Georgia opened an inquiry into Trump's January phone call pressuring the state's top election official to 'find 11,780 votes' to help him win
Georgiais investigating a call Donald Trumpmade as his presidency wound down.
- On the call, Trump asked Georgia's secretary of state to "find votes" to help him win.
- David Worley, a Democratic state election official, said the inquiry could preface criminal charges.
Georgia's secretary of state, Brad Raffensperger, has opened an investigation into former President Donald Trump over his efforts to pressure Georgia state officials to illegally overturn legitimate election results, Reuters reported.
Raffensperger's office said that the inquiry was "fact-finding and administrative in nature" and that findings would be referred to the Republican-majority Georgia board of elections.
The investigation centers on a call Trump made to Raffensperger in January, during Trump's final days in office, when the president asked the state's top official to "find 11,780 votes" to help him win Georgia.
Raffensperger, a Republican, pushed back against Trump's claims during the call that cast doubt on the integrity of the election. Election officials across Georgia disputed Trump's claims that the election was fraudulent or unfair.
Once the state completes its investigation into the call, it could refer findings to the state's attorney general or elsewhere for prosecution.
"The secretary of state's office investigates complaints it receives," Walter Jones, a spokesman for the office, told Reuters in a statement Monday. "The investigations are fact-finding and administrative in nature. Any further legal efforts will be left to the attorney general."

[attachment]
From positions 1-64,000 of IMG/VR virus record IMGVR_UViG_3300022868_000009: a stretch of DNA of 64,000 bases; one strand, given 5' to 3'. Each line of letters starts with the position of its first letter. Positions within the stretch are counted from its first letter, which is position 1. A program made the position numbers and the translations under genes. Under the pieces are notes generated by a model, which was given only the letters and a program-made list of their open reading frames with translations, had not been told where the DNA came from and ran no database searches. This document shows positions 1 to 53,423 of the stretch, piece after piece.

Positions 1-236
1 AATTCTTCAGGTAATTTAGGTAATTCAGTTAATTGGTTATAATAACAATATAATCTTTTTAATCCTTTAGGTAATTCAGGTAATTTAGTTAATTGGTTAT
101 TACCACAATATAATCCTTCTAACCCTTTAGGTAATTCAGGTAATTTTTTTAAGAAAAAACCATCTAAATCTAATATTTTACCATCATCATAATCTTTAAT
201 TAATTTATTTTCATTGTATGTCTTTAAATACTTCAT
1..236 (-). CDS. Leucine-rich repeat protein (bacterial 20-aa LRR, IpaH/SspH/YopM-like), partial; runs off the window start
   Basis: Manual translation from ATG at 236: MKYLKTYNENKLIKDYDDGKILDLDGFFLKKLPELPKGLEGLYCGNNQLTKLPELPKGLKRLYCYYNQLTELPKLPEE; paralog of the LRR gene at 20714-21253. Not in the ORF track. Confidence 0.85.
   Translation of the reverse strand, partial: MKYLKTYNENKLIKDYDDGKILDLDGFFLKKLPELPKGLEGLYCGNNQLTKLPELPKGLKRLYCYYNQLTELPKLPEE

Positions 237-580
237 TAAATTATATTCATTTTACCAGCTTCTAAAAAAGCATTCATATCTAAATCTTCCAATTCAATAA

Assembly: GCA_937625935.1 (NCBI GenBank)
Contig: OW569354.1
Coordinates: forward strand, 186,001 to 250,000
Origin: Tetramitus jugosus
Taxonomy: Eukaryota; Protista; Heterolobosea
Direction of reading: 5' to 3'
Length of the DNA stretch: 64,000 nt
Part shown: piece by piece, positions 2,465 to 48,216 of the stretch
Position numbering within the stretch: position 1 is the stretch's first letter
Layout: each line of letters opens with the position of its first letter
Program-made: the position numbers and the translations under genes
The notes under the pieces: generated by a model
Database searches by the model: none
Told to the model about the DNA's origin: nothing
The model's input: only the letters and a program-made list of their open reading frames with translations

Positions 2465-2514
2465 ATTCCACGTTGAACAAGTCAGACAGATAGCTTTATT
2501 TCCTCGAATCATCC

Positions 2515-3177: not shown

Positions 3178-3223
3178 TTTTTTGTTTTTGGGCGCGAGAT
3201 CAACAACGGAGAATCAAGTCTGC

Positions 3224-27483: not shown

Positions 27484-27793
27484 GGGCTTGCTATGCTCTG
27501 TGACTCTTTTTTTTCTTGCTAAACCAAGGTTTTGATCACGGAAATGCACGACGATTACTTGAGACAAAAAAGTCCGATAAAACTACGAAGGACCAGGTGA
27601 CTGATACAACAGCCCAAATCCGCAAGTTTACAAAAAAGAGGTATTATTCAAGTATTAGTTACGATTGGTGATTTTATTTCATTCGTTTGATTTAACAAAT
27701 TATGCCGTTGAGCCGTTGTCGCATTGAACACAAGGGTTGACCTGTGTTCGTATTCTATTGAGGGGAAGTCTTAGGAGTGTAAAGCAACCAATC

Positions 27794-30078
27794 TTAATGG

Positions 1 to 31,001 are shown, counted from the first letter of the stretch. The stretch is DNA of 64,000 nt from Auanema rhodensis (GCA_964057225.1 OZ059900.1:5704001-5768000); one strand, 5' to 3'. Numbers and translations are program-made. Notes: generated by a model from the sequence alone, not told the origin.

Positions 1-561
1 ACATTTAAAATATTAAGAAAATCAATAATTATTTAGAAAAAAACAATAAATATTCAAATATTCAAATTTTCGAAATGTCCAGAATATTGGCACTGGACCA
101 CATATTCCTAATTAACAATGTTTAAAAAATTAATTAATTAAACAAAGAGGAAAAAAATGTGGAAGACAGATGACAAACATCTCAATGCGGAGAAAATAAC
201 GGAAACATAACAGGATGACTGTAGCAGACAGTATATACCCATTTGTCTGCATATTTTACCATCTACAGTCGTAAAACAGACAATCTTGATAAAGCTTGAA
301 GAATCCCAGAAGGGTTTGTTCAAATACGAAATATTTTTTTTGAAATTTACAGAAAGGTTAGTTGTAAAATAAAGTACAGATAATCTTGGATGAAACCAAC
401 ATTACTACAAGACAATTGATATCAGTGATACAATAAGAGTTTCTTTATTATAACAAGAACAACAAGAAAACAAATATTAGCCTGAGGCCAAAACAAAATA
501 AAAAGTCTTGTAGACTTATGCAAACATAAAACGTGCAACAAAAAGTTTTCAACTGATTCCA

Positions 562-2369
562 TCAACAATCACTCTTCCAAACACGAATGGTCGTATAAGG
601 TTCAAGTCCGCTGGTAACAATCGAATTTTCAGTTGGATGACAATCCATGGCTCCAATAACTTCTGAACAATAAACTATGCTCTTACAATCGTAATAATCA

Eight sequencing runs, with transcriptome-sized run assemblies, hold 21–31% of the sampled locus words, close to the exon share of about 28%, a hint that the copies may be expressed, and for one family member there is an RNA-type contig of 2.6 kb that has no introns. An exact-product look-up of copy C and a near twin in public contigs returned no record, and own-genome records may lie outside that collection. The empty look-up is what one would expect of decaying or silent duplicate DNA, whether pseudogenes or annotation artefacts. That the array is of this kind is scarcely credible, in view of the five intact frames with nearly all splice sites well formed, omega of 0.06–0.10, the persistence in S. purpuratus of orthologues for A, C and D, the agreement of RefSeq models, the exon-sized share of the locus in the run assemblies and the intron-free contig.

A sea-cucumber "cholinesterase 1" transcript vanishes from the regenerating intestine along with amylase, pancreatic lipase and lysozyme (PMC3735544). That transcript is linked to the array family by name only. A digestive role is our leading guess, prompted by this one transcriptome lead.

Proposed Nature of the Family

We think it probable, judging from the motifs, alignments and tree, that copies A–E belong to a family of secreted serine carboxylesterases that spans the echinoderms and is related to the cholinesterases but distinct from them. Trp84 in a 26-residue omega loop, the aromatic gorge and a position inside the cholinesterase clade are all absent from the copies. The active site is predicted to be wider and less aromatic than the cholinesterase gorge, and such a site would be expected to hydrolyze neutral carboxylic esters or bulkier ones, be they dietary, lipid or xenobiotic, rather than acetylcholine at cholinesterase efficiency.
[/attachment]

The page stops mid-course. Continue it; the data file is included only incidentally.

The New York Times reported that Fani Willis, the Democratic district attorney of Fulton County, was also considering launching a criminal inquiry into Trump's actions.
Trump also repeatedly called and pressured Georgia's Republican governor, Brian Kemp, and taunted him on Twitter in an attempt to have Kemp call a special legislative session to overturn the state's election results.
David Worley, the only Democrat on Georgia's elections board, told Reuters the administrative inquiry could preface criminal charges.
"Any investigation of a statutory violation is a potential criminal investigation depending on the statute involved," he said, adding, "The complaint that was received involved a criminal violation."
Worley also said he would initiate a motion at Wednesday's elections board meeting to formally refer the inquiry to the Fulton County district attorney's office.
Jason Miller, a senior advisor to Trump, told the Associated Press there was "nothing improper or untoward about a scheduled call between President Trump, Secretary Raffensperger and lawyers on both sides."
Insider has reached out to the Trump Organization, the Georgia secretary of state's office, and the state election board for comment.
- DBS Bank’s custom financing leads the way for companies trying to reach net-zero goals
- Google to open its new office in Pune this year, will hire cloud technology experts
- The world's 5 richest tech tycoons — including Elon Musk, Jeff Bezos, and Bill Gates — have already lost about $85 billion this year amid a brutal market sell-off
- Researchers have developed a cheaper COVID-19 test that claims to deliver results in less than 20 minutes
- Emily in Paris: Things that the series got right and wrong about working in advertising
- Vodafone Idea says another tariff hike is coming even as it continues to lose subscribers
- Republic Day 2022 – Here is a list of wishes and messages you can send to your fellow citizens
- Bitcoin mining profit is shrinking with prices in dumps and difficulty on the rise